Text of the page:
Then he lobs a wonderful inside joke. Like all inside-jokes, you have to have been there to get the humor, and this joke is 2,000 years old, so you can be excused if it flew past you.
“What did you go out into the wilderness to look at?” Jesus asks, “A reed shaken by the wind?”
The reed was the symbol of Herod Antipas, the Judean king who is a puppet of the Romans. Herod’s reed was stamped on coins to show his strength.
Jesus takes a dig at Herod by calling him a “reed shaken by the wind.” Jesus is calling Herod a wimp.
That is an outlandish statement on the part of Jesus. After all, Herod is part of the Roman machine that will put Jesus to death. So what to make of this?
Jesus is saying that he is a messiah that stands outside of the human social and political order. We get a messiah who is pointedly not a politician with his symbol on a coin, not someone “in soft robes” – another dig at Herod.

Jesus is not using his messiahship as a place of power, but quite the opposite. He is saying I am the messiah who brings healing and health and life now.
The values of the world – power, possessions, violence – have nothing to do with what this kind of messiah is. Power, possessions and violence are but empty idols.
Jesus makes his claim of messiahship by standing outside those values, and by standing inside of God’s unlimited Grace that has no boundaries in this world or in the next.
The values of Jesus, the One for whom we are waiting, are the values of healing, wholeness, forgiveness and reconciliation.
Salvation comes not as a reward for standing in lock step with a political leader, or strictly adhering to a set of doctrines.
Salvation comes not from a human economy based on reward-and-punishment.
Rather salvation is gift from God’s unlimited grace-filled abundance. By saying so, Jesus is deliberately setting himself up outside the social order of this world.

Jesus’ position is profoundly threatening to the powers of this world because he is declaring that our salvation is not dependent on those powers.
His position brought tension in his time and brings tension in ours. We still live in a world dominated by politics and economics. We need social order. We still need police officers to patrol our streets and show up at this church when we have a break-in.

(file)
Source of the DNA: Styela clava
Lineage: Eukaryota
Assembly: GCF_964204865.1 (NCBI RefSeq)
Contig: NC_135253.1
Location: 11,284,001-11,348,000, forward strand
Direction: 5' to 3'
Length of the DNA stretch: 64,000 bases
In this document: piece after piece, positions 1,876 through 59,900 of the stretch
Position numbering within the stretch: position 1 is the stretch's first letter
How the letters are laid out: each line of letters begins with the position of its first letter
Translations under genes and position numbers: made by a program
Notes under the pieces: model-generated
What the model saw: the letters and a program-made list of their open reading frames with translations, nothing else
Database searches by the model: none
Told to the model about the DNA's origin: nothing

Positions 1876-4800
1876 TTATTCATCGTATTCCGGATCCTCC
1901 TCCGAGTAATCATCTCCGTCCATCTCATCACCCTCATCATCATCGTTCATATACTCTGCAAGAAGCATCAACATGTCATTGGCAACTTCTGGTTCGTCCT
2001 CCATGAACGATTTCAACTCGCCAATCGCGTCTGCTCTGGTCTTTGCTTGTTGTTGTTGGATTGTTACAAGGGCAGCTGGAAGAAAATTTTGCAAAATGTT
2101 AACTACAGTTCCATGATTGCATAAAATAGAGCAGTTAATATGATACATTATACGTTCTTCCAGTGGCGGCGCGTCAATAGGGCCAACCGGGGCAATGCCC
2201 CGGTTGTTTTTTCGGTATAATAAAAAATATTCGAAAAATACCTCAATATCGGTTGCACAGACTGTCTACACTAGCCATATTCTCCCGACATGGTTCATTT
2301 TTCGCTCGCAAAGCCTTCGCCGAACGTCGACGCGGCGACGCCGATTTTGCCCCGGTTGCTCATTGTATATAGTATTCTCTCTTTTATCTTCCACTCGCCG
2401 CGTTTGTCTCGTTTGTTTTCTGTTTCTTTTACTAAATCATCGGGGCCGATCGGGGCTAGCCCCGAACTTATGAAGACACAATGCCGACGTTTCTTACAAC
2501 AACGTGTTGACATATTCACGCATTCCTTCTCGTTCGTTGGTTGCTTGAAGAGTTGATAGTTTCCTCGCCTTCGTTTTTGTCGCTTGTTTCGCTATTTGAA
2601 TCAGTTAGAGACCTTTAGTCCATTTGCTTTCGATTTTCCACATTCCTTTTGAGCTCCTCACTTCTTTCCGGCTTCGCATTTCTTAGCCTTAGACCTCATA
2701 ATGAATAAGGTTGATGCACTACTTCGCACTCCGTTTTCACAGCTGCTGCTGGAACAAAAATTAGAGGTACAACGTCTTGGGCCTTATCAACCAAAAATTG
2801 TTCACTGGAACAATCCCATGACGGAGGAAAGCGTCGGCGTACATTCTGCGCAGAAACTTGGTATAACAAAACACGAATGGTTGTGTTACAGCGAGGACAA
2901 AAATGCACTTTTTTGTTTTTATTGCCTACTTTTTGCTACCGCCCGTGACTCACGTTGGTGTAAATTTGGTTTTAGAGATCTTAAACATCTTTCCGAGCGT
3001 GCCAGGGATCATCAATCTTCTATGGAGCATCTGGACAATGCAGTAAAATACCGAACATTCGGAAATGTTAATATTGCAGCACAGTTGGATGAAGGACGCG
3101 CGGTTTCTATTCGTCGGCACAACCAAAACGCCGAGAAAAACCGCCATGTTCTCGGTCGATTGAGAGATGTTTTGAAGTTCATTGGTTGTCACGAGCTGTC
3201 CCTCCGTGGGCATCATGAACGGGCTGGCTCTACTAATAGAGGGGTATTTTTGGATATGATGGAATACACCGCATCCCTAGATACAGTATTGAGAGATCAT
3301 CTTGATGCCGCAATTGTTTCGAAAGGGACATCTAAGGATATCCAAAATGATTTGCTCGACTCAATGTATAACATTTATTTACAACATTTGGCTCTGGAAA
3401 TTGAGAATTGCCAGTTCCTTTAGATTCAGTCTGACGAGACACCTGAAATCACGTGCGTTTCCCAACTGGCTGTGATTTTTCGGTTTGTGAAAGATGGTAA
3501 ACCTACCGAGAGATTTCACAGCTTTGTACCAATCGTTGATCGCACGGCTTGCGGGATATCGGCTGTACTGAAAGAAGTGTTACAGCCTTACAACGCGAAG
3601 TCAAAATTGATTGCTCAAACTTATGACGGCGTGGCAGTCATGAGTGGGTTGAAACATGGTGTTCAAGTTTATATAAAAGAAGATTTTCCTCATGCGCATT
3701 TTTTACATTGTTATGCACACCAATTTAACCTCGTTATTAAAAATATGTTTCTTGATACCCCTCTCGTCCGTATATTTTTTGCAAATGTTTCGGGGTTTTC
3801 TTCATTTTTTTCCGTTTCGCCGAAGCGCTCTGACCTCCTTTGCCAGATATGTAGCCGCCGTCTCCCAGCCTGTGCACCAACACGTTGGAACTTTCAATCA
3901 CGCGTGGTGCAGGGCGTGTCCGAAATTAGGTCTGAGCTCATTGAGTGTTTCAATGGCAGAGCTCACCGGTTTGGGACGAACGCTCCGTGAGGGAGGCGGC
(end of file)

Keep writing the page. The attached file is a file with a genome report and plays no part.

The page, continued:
We need schools to educate our children, and yes, we still need the Congress to pass laws to deal with complex issues like health care, energy, national security, economics and global warming.
But we should not mistake our social order as being our messiah. Or to put this another way, our limited social constructions, even at their best, are not the best God has for us. They can become empty idols if we are not careful.
And that brings us back to Jesus, the One whom John wonders: What kind of Messiah are you?
Jesus replies with his life-giving actions, demonstrating that God’s gift of eternal life begins now, not in the future, but now. Healing and wholeness are ours, now.
That, too, is an outlandish statement.
We all know that people get sick and tragedy happens. So how can Jesus make this claim? I believe Jesus is showing us that there is a continuum from this world into the world just beyond the horizon of our experience.
There really is more to this Creation than what you see now. Healing does come, sometimes here, sometimes there – but healing comes.
God’s creation is all connected in this world and in the next. So be awake, look for the salvation that is already yours.

Life eternal begins in this place and dwells with each and every one of us. The One who comes is already here. The dawn soon arrives, and the blessing is ours forever. Amen.
Icon above of John the Baptist.

No comments: